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Israeli graphic designer Ronny Edry has always loved posting images on Facebook, most of them garnering just a few random likes from his friends. But on March 15, he posted an image that got a different kind of reaction. The image showed him holding his young daughter, an Israeli flag in her hand. In comic book-style bubbles, the text on the poster reads, “Iranians, we will never bomb your country. We [heart] you.”
As Edry explains in today’s talk, filmed at TEDxJaffa, Israel and Iran have been on the brink of war for years. Still, he was shocked at how quickly his message of love made its way around the internet. “Later on in the night, I woke up and went by the computer and I see all these red dots on Facebook. I see many people talking to me, most of them I don’t know,” says Edry. “A few of them were from Iran. In Israel, we don’t talk to people from Iran.”
Messages from other Israelis poured in, requesting that the same poster be made with their image on it. Meanwhile, heartfelt emails from Iran poured in.
“Iranians started to respond with their own posters. They have graphic designers. What? That’s crazy,” jokes Edry. “They’re shy, they don’t want to show their faces, but they want to spread the message. They want to say the same thing. Now it’s communication. It’s a two-way story. It’s Israeli and Iranian sending the same message to each other. We are two people who are supposed to be enemies.”
Soon, CNN picked up Edry’s campaign.
“When you see the Middle East, it is only bad news,” says Edry. “Suddenly there was something happening that was good news … We’re showing a new reality.”
Edry’s poster gave rise to the Facebook groups “Israel Loves Iran” and “Iran Loves Israel.” Similar pages were also created for “Palestine Loves Israel” and “Israel Loves Palestine.” Others embroiled in conflicts across the globe picked up the idea too.
To hear more of the amazing reactions to Edry’s online campaign, watch his talk. Below, see more of the posters, as well as photos of other actions designed to diffuse tensions in Israel through imagery.
Edry’s graphic designer friends set up a shop to create posters for fellow Israelis. Here, a sampling.
Here, some of the images created by Iranians.
Above, images from Edry’s latest — and perhaps bolder — campaign, called “Not ready.”
Edry’s work reminds us a lot of TED Prize winner JR’s “Face to Face,” which he calls “the largest illegal photography exhibition ever.”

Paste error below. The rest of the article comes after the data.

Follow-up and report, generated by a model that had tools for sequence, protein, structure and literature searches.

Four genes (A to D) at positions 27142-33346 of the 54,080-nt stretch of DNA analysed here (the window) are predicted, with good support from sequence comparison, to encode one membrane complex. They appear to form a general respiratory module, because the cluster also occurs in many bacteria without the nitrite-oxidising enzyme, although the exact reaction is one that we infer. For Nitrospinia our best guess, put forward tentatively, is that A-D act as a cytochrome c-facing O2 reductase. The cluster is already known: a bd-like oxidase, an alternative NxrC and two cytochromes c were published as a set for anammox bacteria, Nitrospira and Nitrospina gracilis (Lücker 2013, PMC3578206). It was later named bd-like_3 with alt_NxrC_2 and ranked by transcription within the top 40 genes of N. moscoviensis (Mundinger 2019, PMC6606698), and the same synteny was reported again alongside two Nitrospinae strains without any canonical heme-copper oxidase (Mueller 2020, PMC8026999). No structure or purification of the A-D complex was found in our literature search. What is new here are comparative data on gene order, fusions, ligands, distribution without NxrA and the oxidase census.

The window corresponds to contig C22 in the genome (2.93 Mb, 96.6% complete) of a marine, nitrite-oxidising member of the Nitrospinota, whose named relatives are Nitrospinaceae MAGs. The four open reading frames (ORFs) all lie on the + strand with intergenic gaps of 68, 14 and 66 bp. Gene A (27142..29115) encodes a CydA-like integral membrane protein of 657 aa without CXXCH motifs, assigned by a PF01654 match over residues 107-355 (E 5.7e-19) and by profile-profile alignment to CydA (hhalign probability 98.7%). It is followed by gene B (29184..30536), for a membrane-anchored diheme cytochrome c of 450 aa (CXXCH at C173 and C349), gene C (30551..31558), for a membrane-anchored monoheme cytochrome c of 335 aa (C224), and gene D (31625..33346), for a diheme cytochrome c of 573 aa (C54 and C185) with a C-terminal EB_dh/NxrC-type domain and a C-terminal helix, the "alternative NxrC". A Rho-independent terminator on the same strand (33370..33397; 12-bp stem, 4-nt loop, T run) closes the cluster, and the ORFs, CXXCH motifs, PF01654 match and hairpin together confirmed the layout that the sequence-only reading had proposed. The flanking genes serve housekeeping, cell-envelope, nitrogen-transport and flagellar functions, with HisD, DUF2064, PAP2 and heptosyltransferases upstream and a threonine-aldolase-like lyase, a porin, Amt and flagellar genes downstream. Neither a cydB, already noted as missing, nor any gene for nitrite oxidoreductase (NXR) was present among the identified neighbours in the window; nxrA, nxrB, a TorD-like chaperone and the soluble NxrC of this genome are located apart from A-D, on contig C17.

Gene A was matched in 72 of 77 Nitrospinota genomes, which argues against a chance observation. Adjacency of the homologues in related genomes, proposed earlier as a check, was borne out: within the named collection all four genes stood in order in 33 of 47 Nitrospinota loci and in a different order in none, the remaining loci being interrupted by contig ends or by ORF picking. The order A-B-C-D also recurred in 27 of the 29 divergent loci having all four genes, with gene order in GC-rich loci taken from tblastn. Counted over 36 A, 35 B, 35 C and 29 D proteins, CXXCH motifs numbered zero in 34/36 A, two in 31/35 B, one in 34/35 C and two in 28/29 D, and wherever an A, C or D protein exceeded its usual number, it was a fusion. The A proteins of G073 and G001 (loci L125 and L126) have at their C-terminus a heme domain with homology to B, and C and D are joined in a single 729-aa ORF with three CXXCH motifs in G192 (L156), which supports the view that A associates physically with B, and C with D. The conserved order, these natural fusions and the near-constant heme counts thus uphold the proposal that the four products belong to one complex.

In 2007, JR and collaborator Marco shot stunning — and often funny — black and white portraits of Israelis and Palestinians who do the same jobs. Their oversized images mingled together, pasted on the walls that separate Israel from Palestine. JR says that the project came about when he and Marco traveled to the region, examining why the two cultures cannot get along.
“These people look the same; they speak almost the same language, like twin brothers raised in different families,” reads the project website. “A religious covered woman has her twin sister on the other side. A farmer, a taxi driver, a teacher, has his twin brother in front of him. And he is endlessly fighting with him.”
The exhibit aimed to give a face to the other side.
In 2011, JR established Inside Out, a global art project that allows anyone around the world to upload images and get large poster-sized print-outs for actions with a social purpose. With Inside Out, JR once again headed to Israel, spending two weeks traveling through Tel Aviv, Jerusalem, Ramallah and Bethlehem with a giant photobooth in a mobile truck. Participants stepped into the truck and took portraits. Then, they were able to paste up their posters instantly. Again, the idea of this project — called “Time is Now, Yalla!” — was to personalize the conflict.
In the port city of Haifa, another initiative brings people together through art. Beit Hagefen, Haifa’s Arab-Jewish Cultural Center, kicked off the Coexistence Walk during their “Festival of Festivals” — a tradition begun in 1993 when Ramadan, Christmas and Hannukah overlapped. Each year (the tradition continues even if the holidays do not coincide), different artists from diverse backgrounds come together over a common theme and use the streets and buildings as canvasses. The idea: to foster unity. Some of these artists come from families with one Jewish and one Arab parent, so these efforts for peace are especially meaningful.
The Festival of Festival attracts 200,000 people annually, 75% of them visitors to the city. This event has become a pinnacle of multiculturalism in the region. The executive director of Beit Hagefen tells The Jerusalem Post, “It’s easier to bring people together around art and culture and not debates.”
These initiatives also remind us of how , in 2005, street artist Banksy made a splash when he headed to the West Bank Barrier. There, he created nine paintings — one showing a window with a scenic mountain in the background and another showing a white horse peaking its head through the wall.
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